On Wednesday, August 1, 1990, a 22-year-old Canadian student named Karyn Freedman arrived in Paris and made her way with her boyfriend, Stream, to an apartment on Boulevard Masséna. The apartment was rented by Stream’s elderly Bard College professor and mentor Édouard Roditi, who had invited the couple to stay for part of the summer to explore Paris. Stream left for dinner that evening with Roditi. But Robert Dinges, who was Roditi’s 30-year-old lover and also staying at the apartment, was making dinner for himself at home. He offered to make dinner for Karyn as well. Tired after her travels in Europe, she was glad to stay in and unwind. Robert had started to drink heavily during dinner and, feeling increasingly uncomfortable, Karyn decided to leave the apartment and wait for Stream in a local coffee shop. But it was too late. Robert was large and muscular, and blocked her way out. With a kitchen knife in his hand he grabbed her hair and in broken English told her to do what he said or he would kill her. Karyn writes that “it registered then that Robert was intending to rape me and kill me, and that there was nothing that I could do to stop him.” She describes how she was viciously and repeatedly raped and then how Robert ordered her to leave the apartment with him. Making use of a slight opportunity in the lobby she broke free and he ran away. The whole experience lasted “only” one hour, and yet it changed her life forever. This book describes the complexity of Karyn Freedman’s healing.
It is a short and forthright book, lit with insight and often with compassion, in which Freedman describes the 20 years of her journey toward recovery. For her at least, psychological trauma is permanent and she likened her recovery to a chronic illness, a disorder of remissions and exacerbations. She goes on to write that with enough time and effort survivors of rape have a chance of working on their traumatic memory to make it a place of transformation and emotional growth.
She takes us into her recurrent battle with the vivid unwanted memories of that hour, which include both physical and visual reliving and concomitant high arousal states. Centrally, her valiant attempt in the first decade after the rape to “just get on with things” did not liberate her. She realized that for her “in order to break free from the hold of the memory of a traumatic experience you have to first live in it.” What she had been doing instead to manage the deepening disconnect between her cognitive and bodily responses to traumatic triggers was to try and leave the ordeal behind her. Freedman notes with irony “it is possible to be a world-class philosopher without looking inward, and so, incidentally, I found myself in a discipline that suited me perfectly.” Notably, her empathy for other victims of sexual violence and humiliation and her preoccupation that rape occurs everywhere to millions of women paradoxically contributed to her years of avoiding a genuine examination of her own one hour.
There is much that this book illuminates. The author’s consideration of the issue of knowing and not knowing is interesting. She, like all of us, knows the world is dangerous, but it was not until she was raped that this knowledge “shattered her world view.” I once heard Freedman discuss her 2006 paper, “The Epistemological Significance of Psychic Trauma,” at a study group, a precursor to this book. She said that whereas every woman is aware of the danger of being raped, and that sexual violence is the chronic constant risk of being female in the world, this information is not accompanied by the essential emotional experience of the terror involved. It is not until a woman has been raped that this information becomes emotionally real and persistent. Because of her rape Freedman reports she can never take safety for granted as she had done prior to the experience. Once the delusion of safety is pierced, life is forever changed. “Over the course of a marriage, a childhood, a date, or one hour, survivors of sexual violence learn certain odious facts about the possibilities of human behaviour, and their world view is shattered.” Freedman continues “having suffered a traumatic experience, we might find ourselves forced, on pain of consistency, to give up some of our deeply held beliefs about human nature.”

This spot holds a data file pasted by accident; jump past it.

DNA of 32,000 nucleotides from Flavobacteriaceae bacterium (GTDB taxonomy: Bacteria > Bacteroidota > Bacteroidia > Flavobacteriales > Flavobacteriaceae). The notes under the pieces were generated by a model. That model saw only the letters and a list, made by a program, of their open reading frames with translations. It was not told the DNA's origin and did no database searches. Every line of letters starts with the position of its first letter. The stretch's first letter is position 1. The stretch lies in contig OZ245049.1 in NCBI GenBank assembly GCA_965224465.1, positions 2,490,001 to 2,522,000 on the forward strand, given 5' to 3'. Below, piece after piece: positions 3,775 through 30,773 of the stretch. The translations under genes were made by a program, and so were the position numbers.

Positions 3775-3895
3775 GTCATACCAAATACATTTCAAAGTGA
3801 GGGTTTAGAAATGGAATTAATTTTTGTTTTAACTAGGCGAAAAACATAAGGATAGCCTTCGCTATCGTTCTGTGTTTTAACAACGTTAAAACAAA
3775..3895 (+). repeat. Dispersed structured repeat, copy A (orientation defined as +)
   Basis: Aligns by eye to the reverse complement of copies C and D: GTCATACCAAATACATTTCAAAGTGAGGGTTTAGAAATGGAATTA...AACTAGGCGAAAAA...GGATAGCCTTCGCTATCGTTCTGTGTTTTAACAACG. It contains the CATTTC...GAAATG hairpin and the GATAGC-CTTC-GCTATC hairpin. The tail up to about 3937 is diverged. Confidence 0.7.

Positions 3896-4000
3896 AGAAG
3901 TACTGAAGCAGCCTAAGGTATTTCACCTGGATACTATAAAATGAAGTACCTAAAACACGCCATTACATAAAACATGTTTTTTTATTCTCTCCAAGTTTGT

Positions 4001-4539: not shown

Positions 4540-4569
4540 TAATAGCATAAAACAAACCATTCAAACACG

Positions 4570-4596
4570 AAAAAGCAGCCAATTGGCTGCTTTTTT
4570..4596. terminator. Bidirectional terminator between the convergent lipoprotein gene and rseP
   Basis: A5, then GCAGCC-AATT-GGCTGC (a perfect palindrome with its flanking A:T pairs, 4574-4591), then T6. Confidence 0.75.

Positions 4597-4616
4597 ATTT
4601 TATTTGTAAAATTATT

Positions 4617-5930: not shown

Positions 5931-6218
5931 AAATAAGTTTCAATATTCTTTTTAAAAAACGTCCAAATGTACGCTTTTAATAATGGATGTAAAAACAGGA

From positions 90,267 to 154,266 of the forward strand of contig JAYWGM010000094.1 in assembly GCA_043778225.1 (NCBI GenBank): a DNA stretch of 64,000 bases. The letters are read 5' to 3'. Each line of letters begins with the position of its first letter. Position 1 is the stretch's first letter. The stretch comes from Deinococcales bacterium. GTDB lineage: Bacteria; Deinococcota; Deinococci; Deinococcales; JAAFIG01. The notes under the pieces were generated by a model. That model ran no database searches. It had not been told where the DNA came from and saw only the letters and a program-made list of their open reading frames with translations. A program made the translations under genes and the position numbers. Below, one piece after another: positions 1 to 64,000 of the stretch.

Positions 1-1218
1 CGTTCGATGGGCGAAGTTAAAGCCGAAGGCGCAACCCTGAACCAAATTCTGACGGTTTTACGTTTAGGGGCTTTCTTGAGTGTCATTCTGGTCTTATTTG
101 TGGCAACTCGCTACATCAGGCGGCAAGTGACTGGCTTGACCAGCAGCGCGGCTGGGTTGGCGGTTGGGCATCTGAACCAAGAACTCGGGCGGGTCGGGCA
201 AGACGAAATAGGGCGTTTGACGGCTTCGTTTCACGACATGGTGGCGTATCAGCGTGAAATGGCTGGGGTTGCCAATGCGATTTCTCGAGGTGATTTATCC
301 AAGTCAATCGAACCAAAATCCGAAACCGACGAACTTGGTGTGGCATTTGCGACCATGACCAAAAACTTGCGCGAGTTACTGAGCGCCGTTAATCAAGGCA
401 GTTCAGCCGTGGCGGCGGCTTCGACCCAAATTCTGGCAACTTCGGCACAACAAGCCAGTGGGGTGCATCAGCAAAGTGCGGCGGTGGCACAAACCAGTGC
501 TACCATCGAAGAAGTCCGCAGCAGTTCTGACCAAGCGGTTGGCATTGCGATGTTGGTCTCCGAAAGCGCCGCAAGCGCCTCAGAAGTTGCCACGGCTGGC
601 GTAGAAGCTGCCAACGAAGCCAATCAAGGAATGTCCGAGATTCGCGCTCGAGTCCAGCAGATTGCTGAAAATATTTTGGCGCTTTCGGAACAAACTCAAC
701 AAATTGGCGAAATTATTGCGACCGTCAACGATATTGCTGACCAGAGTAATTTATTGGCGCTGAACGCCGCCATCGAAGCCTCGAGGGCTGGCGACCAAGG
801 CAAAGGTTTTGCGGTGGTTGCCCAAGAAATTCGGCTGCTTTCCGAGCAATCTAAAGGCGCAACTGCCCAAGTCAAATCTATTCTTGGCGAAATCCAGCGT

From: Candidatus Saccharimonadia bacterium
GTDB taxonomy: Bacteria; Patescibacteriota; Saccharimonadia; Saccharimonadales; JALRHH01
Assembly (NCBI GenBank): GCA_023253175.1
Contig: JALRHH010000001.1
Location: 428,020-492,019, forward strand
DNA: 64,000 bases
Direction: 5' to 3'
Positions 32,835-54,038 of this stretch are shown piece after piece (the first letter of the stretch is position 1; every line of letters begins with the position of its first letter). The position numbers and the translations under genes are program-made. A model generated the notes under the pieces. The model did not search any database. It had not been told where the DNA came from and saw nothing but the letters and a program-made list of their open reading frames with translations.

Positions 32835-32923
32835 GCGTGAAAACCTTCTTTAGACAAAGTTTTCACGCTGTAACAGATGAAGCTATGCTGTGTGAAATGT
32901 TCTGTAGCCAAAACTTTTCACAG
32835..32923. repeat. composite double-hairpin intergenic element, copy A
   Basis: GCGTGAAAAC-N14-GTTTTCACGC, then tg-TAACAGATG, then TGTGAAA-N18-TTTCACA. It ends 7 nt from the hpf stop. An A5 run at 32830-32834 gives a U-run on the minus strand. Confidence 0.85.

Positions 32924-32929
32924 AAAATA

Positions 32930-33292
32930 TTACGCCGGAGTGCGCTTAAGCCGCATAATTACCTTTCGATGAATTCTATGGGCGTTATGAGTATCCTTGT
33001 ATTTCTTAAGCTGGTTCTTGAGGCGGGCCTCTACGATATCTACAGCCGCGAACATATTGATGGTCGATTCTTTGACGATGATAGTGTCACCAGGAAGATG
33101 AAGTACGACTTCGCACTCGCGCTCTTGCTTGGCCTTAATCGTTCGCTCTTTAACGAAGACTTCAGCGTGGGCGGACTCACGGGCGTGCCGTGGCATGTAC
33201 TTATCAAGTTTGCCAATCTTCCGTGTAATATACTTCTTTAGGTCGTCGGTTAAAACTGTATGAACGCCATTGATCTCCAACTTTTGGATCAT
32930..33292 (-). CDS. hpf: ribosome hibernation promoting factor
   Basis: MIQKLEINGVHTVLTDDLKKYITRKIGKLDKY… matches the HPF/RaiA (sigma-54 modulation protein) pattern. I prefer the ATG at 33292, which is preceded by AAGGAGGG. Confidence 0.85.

Her deliberations now make sense of what a Rwandan woman once said to me, having survived the atrocities of the genocide. She had recovered from the worst of her post-traumatic stress disorder and asked, “how do I live in a world where I know first-hand the butchery that people can perpetrate?” How indeed; but is this an existential or a psychological question? Recovering from the symptoms of PTSD is one thing, but it is quite another to face the implications of knowing first-hand about rape and atrocity. Having found the courage to turn to face the endless hijacking of her present experience by the unwanted and unsought intrusions of the rape memory, and the subsequent difficulties with trust and relationships, having faced and accepted what happened, the survivor’s symptoms may abate but the suffering may be far from over. Now she is faced with the problem that first-hand experience of trauma reveals a world not only at odds with her previous sense of safety or invulnerability, but with her core ethical and moral beliefs about people.
As noted, Freedman went on to become a professor of philosophy, and although her career choice privileged cognitive skills over emotional reflection, her body could not be quieted by her cognitive successes. Freedman poignantly describes how she at first continually, and now intermittently, feels all the wariness and fearful anticipation of impending disaster. She notes “the body keeps the score,” a term coined by Bessel van der Kolk. He and others suggest that for some, the body’s failure to settle down is because a traumatic experience is not taken in as a declarative memory, such as, for instance, the way one remembers a graduation. Rather, as a consequence of the terror involved in the experience, the neocortex is thrown “off line” and the traumatic event is taken in by the implicit memory, a system that registers knowledge such as how to ride a bike. Subsequent access to the traumatic memory is not available as an ordinary memory, but only as body sensations and actions. These somatic memories can be precipitated by sudden triggers in the environment that pertain to the attack, and that cannot be rationalized away or ignored. These “memories,” as when dealing with a frightened animal or child, need compassionate recognition, validation, acceptance and often desensitization to enable the individual’s body to register the present as the present, in contradistinction to the traumatic past.